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Human Resources Service

Human Resources Services

Employee is one of the most valuable and important assets of a company to be successful in business. Companies need to hire the right person for the jobs and provide adequate & competitive benefits & remuneration to its employee.

There are a number of ordinance in relation to employee that employer must to comply with:

Employment Ordinance (Cap 57)

The ordinance covers areas such as contract terms, statutory holidays, sick and maternity leave, severance and long-service payments, etc.

Employee Compensation Ordinance (Cap 282)

The ordinance lays down the rights and obligations of employers and employees in respect of injuries or death caused by accidents arising out of and in the course of employment.

Mandatory Provident Fund Schemes Ordinance (Cap 485)

This ordinance is the principal legislation to provide the framework for the establishment of a system of privately managed, employment-related mandatory provident fund (MPF) schemes to accrue MPF benefits for members of the workforce when they retire

Occupational Retirement Schemes Ordinance (Cap 426)

This ordinance is the principal legislation which establishes a registration system for occupational retirement schemes voluntarily established by employers to provide retirement benefits for their employees.

Our professional service

Our team is equipped with accumulated experience, skills, know-hows, knowledge of the relevant legislations. We can give advice to our clients on HR matters in relation to the Employment Ordinance and Mandatory Provident Fund Scheme Ordinance in matters such as recruitment, drafting employment contract, employee record maintenance, leave arrangements, payroll preparation (including MPF enrollment & maintenance), employers’ return and filing on staff remuneration, employees’ return and filing for salaries tax, compilation of employee handbook, and handling labor disputes.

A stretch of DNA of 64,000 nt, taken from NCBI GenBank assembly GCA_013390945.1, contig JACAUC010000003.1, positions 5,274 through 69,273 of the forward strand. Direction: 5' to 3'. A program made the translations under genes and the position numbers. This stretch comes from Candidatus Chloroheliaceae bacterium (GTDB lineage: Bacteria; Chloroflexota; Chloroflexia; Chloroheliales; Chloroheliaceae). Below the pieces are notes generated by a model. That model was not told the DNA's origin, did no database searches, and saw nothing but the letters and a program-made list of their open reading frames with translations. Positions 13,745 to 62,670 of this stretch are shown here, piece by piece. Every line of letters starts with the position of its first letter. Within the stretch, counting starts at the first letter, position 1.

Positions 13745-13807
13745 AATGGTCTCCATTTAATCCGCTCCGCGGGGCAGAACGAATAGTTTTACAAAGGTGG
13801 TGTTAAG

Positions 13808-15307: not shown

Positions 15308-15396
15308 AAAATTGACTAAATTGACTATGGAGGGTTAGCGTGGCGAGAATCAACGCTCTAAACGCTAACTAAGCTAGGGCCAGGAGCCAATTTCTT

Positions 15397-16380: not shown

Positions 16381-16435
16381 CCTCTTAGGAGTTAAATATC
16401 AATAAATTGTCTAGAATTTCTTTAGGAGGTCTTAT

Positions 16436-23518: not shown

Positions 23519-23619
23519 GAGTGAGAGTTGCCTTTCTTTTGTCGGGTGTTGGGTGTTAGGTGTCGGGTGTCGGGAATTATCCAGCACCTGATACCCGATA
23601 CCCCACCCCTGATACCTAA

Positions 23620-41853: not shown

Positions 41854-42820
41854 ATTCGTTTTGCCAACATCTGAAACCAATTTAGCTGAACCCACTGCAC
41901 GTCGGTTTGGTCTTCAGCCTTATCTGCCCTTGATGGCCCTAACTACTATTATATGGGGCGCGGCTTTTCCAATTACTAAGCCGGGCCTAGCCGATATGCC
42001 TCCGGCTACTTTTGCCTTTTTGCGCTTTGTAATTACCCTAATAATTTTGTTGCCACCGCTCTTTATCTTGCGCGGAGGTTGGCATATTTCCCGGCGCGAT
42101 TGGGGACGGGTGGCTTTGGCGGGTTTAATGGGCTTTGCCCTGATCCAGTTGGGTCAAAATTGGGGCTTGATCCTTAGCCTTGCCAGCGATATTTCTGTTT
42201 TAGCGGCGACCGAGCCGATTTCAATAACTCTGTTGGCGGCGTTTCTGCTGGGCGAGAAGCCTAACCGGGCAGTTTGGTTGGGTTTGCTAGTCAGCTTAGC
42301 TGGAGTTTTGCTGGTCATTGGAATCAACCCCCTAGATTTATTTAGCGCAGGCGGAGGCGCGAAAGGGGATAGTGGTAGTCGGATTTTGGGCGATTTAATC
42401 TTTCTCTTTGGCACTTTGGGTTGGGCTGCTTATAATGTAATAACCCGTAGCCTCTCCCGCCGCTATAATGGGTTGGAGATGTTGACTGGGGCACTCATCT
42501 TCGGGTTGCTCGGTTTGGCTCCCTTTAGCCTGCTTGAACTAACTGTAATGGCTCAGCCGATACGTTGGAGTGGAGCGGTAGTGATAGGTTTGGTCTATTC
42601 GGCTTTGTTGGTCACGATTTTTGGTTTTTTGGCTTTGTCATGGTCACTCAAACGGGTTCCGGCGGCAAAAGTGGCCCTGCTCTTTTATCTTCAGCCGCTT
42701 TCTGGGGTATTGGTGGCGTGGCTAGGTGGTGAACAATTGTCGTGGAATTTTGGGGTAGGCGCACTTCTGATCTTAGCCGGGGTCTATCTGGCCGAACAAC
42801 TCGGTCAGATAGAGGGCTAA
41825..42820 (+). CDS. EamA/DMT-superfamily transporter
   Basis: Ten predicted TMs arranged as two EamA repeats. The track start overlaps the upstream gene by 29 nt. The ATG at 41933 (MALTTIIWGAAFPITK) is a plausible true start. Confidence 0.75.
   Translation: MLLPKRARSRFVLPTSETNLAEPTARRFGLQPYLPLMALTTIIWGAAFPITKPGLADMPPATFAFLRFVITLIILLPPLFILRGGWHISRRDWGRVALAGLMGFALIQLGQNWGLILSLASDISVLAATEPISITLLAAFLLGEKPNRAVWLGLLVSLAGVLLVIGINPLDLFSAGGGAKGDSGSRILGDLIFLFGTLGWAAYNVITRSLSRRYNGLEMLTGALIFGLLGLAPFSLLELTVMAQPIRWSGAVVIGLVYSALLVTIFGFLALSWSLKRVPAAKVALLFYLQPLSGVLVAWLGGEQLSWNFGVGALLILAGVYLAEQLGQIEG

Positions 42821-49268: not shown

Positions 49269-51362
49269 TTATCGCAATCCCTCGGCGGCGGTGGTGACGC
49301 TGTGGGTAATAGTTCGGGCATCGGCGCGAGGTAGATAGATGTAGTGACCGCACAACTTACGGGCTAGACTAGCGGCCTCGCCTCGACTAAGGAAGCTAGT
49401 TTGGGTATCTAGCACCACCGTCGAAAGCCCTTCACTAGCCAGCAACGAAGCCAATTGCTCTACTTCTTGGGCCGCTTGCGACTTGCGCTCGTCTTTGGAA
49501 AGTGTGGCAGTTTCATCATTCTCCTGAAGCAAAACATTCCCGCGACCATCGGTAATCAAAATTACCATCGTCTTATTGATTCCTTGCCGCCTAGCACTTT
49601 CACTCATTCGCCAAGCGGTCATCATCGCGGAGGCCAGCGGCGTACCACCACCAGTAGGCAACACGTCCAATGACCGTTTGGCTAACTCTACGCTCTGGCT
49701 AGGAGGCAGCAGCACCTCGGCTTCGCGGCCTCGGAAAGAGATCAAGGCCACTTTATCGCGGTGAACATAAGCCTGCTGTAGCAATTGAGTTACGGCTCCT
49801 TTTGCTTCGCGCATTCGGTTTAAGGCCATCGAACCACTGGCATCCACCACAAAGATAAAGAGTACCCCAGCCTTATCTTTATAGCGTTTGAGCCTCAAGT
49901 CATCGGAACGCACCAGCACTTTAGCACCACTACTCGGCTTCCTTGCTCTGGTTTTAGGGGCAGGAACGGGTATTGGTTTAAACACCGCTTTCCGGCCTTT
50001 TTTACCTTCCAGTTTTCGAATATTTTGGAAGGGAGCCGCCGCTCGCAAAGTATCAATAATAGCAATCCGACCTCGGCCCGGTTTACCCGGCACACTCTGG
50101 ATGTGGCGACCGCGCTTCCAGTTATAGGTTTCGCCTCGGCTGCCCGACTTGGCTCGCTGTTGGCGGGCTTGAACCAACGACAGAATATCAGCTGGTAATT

Employment Ordinance

The Employment Ordinance (Cap 57) applies to all employee except for a) a family member who lives in the same dwelling as the employer; b) employee as defined in the Contracts for Employment Outside Hong Kong Ordinance; c) person serving under a crew agreement under the Merchant Shipping (Seafarers) Ordinance or on board a ship which is not registered in Hong Kong; or d) apprentice whose contract of apprenticeship has been registered under the Apprenticeship Ordinance.

All employees covered by the Employment Ordinance are entitled to basic protection under the Ordinance including payment of wages, restriction of wages deduction and the granting of statutory holidays, etc.

There is no definition on “full-time employment” or “part-time employment” in the Employment Ordinance. However, if an employee has been employed continuously by the same employer for 4 weeks or more, with at least 18 hours worked in each week, it is regarded as being employed under a “Continuous Contract”.

Employee employed under a Continuous Contract are further entitled to such benefits as rest days, paid annual leave, sickness allowance, severance payment and long service payment, etc.